Third, despite the risks associated with prosecuting this case, Class Counsel took
this case solely on a contingency fee basis and were prepared to make an investment with
the very real possibility of an unsuccessful outcome and no fee at all. (Doc. 35-2 at ¶ 8).
Further, Class Counsel have advanced all costs incurred in this case, and have not
received any compensation for the work they have performed thus far. (Id.) This factor
weighs in favor of granting the requested fee. See Gentrup v. Renovo Servs., Case No.
1:07-cv-430, 2011 U.S. Dist. LEXIS 67887, at * 14 (S.D. Ohio June 24, 2011) (finding
the fact that plaintiffs’ counsel had made “significant investments of time and [had]
advanced costs but [had] received no compensation in this matter” weighed in favor of
granting the requested fee).
Fourth, a lodestar cross-check, while unnecessary, also supports Class Counsel’s
fee request. Under the lodestsar calculation, the Court multiplies the number of hours
reasonably expended on the litigation by a reasonable hourly rate. See Gascho v. Global
Fitness Holdings, LLC, 822 F.3d 269, 279 (6th Cir. 2015) (citation omitted). The Court
then has the discretion to enhance the lodestar with a separate multiplier than can serve as
a means to account for the risk an attorney assumes in undertaking a case, the quality of
the attorney’s work product, and the public benefit achieved. Id. at 279, 280. Here, as of
August 15, 2017, Class Counsel had expended 476.5 hours prosecuting this action,
which, at their customary billing rates, provides a cumulative lodestar of $206,757,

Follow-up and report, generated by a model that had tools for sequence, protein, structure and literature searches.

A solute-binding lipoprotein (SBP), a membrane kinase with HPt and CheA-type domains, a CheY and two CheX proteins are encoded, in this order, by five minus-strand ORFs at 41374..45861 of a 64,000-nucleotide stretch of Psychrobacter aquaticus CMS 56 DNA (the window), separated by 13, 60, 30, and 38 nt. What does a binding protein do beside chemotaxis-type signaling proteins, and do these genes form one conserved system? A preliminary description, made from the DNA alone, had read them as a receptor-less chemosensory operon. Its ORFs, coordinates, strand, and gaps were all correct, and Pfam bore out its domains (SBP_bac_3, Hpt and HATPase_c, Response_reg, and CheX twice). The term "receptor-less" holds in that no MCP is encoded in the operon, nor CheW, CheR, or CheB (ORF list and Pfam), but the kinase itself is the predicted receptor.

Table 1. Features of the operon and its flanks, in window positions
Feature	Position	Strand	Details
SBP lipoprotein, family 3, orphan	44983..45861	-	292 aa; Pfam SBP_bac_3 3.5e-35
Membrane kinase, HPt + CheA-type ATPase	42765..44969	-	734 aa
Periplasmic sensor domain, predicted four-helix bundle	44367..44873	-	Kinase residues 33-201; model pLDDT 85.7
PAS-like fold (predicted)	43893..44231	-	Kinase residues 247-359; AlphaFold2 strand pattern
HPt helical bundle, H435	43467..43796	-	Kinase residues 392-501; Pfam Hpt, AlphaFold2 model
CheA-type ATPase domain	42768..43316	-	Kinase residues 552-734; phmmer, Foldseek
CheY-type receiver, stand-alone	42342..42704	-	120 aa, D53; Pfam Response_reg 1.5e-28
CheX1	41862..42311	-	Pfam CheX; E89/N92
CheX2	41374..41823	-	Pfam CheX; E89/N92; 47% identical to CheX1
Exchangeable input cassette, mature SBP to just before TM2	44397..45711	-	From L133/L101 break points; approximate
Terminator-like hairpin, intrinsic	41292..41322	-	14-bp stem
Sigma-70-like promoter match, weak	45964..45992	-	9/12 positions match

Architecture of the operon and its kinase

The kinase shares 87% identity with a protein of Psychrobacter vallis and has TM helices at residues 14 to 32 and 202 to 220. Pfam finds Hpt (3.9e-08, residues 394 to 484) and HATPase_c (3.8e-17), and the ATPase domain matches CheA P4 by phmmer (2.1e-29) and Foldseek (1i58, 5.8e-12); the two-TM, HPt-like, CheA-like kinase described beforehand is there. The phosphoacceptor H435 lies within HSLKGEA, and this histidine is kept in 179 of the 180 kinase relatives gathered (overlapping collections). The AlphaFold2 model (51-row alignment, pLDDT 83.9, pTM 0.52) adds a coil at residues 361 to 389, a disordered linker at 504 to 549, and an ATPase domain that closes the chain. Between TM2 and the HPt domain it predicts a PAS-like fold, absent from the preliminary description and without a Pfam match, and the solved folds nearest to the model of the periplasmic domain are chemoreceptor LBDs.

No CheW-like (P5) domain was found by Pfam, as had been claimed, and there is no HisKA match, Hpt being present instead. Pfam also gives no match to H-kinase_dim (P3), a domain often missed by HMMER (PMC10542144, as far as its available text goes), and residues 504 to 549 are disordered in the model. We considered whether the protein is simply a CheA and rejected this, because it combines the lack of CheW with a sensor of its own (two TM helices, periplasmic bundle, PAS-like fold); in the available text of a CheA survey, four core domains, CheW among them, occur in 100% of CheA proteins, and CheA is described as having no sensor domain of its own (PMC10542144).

significantly more than the requested fee. Dividing the amount they seek ($150,000) by
the lodestar results in a negative multiplier (-.73), which demonstrates that the fee sought
is reasonable. See Walls v. JP Morgan Chase Bank, N.A., Case No. 3:11-cv-673-DJH,
2016 U.S. Dist. LEXIS 142325, at * 8 (W.D. Ky. Oct. 13, 2016).
Fifth, this case involves numerous complex factual questions pertaining to
Plaintiff’s “slamming” allegations, as well as nuanced legal issues. Class Counsel
already successfully defeated Defendant’s motion to dismiss, which involved significant
legal argument. This factor weighs in favor of granting the requested fee.
Sixth, and finally, Plaintiff and Defendant are represented by highly experienced
counsel. All counsel are highly qualified, and they all have substantial experience in
federal courts and class action litigation. (See Doc. 33-1 at 20, 24).
For these reasons, the Court determines Class Counsel’s requested fee is
reasonable, and GRANTS Class Counsel’s request for a fee of $150,000.
2. Class Counsel are entitled to reimbursement of expenses.
Under the common fund doctrine, Class Counsel is entitled to reimbursement of
all reasonable out-of-pocket litigation expenses and costs in the prosecution of claims and